No. 7 UCLA goes on the defensive to deliver Mick Cronin his first win over Stanford

Stanford forward Spencer Jones, center, tries to shoot between UCLA guards Jaime Jaquez Jr. and David Singleton.
Stanford forward Spencer Jones, center, tries to shoot between UCLA guards Jaime Jaquez Jr., left, and David Singleton during the first half of the Bruins’ 66-43 win Saturday.
(Robert Gauthier / Los Angeles Times)

Mick Cronin has taken UCLA to a Final Four. He’s restocked the roster with talented players who complement the ones he inherited. He’s restored prestige to the Bruins’ brand.

One thing Cronin had not done before Saturday: beat Stanford.

He ticked that off his to-do list thanks to the sort of suffocating defense that suggested his increasingly short-handed team is rounding into NCAA tournament form six weeks before Selection Sunday.


“The effort under the circumstances,” Cronin said after the seventh-ranked Bruins unleashed another lockdown effort during a 66-43 victory at Pauley Pavilion, “was really unbelievable.”

The Bruins’ record $62.5-million deficit for the 2021 fiscal year reflects the many ways in which COVID-19 has affected schools from coast to coast.

Playing its third game in five days, the Bruins retained their pep, particularly on defense. Using a full-court press in addition to active hands and effective switches, UCLA forced 14 of Stanford’s 22 turnovers by halftime. Sometimes, just getting the ball past half-court was an achievement for the Cardinal.

It was the third consecutive opponent that UCLA (16-2 overall, 8-1 Pac-12) has held below 60 points, all coming during a busy portion of the schedule that forced the team to ditch practices between games in favor of walk-throughs accompanied by film sessions.

The intensity the Bruins unveiled in romps over Arizona, California and Stanford might make Cronin consider sticking with the formula.

UCLA guard Peyton Watson, top, steals the ball from Stanford forward Brandon Angel during the second half.
(Robert Gauthier/Los Angeles Times)

“When guys are defending because they want to, when guys are trying to tip passes because they want to, when guys are going after loose balls not because I’m making them,” Cronin said, “you can tell when a team’s just trying to win at all costs and if you don’t win you don’t win, but you can’t ask for anything more than that.”

There was some misfortune to dampen the fun. Already missing leading scorer Johnny Juzang (COVID-19 protocols) and top defender Jaylen Clark (concussion protocol), the Bruins lost junior guard Jaime Jaquez Jr. when he stepped on a foot and reinjured his right ankle in the first half.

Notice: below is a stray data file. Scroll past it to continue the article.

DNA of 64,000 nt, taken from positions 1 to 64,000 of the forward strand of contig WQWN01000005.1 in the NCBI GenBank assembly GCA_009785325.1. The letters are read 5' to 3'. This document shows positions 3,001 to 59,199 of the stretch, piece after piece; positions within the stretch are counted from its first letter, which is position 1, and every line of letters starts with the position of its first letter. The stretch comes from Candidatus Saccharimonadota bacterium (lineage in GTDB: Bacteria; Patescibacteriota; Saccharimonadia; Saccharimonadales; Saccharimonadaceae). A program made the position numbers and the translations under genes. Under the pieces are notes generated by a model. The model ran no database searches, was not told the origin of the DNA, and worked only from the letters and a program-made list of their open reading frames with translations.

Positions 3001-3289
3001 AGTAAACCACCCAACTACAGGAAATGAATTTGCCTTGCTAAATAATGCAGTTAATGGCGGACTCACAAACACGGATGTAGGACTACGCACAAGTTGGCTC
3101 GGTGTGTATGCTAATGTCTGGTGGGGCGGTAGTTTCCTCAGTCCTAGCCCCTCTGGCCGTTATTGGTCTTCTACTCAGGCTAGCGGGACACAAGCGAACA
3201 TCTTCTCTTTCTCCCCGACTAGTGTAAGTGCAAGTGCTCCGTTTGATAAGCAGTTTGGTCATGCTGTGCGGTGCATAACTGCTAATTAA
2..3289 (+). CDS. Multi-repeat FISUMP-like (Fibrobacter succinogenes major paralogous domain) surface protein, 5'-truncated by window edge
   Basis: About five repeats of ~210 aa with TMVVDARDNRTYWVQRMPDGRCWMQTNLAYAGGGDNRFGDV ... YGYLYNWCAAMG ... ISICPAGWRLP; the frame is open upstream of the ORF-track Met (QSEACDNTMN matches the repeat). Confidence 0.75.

Jaquez briefly checked back into the game, missing a three-pointer, before making a second trip to a trainer’s table. He did not play again, pulling a T-shirt over his jersey and watching the second half from behind the baseline.

Guard Jules Bernard led the Bruins with 16 points, including a pivotal three-point play after the Cardinal momentarily threatened with about eight minutes left, and Jake Kyman added a season-high 15 points off the bench.

UCLA guard Jake Kyman dives for a loose ball ahead of Stanford guard Sam Beskind during the first half.
(Robert Gauthier / Los Angeles Times)
UCLA players celebrate during a win over Stanford on Saturday
(Robert Gauthier / Los Angeles Times)

Guard Isa Silva scored eight points to lead the Cardinal (12-7, 5-4), whose bid for a victory that could enhance their NCAA tournament chances fizzled after they made 27.1% of their shots and 15% of their three-pointers.

It would have been a blowout of epic proportions if the Bruins didn’t endure their own shooting struggles. UCLA shot 37.3%, making just four of 29 three-pointers (13.8%), but it wasn’t for lack of open looks amid some zippy ball movement.

“It reinforces our culture,” Cronin said, “when you can win and dominate a game without making shots with your best shooters.”

Cronin had dropped his first two games against Stanford since arriving at UCLA, both losses the kind that stick with you like chewing gum on the bottom of sneakers.

After Stanford stomped the Bruins during Cronin’s first season, the coach called out his players, labeling them soft and selfish, to spark a late-season surge. The Cardinal’s one-point victory over UCLA last season, on a layup off an inbounds pass in overtime, was so maddening that Bernard slammed the ball off the court.

With his team’s wing depth severely thinned Saturday, Bernard realized he was carrying a heavier burden.

“Given Jaime’s position and what he brings to the table, one, I knew I had to get on the glass a little more and be a physical presence down there,” said Bernard, who grabbed a team-leading nine rebounds.

If all goes well, the Bruins could be close to full strength next week for their big rematch against Arizona. Cronin said he was hopeful that Juzang could return because he was asymptomatic after testing positive for the virus, meaning Juzang could come out of isolation after five days. He would need to test negative before being cleared to play again.

Jaime Jaquez Jr. finished with 15 points as No. 7 UCLA defeated California 81-57 to take sole possession of first place in the Pac-12 standings.

Clark’s status remained less certain, though there was a sign of progress with his return to Pauley Pavilion on Saturday to support his teammates. Jaquez might be able to return given he was held out as a precaution following his departure.

“When I took him out,” Cronin recalled, “I said, ‘Are you stiff?’ And he was like, ‘Nah, I’m in pain.’”

Most of the discomfort had been inflicted by the Bruins, allowing their coach to finally get the best of a nagging nemesis.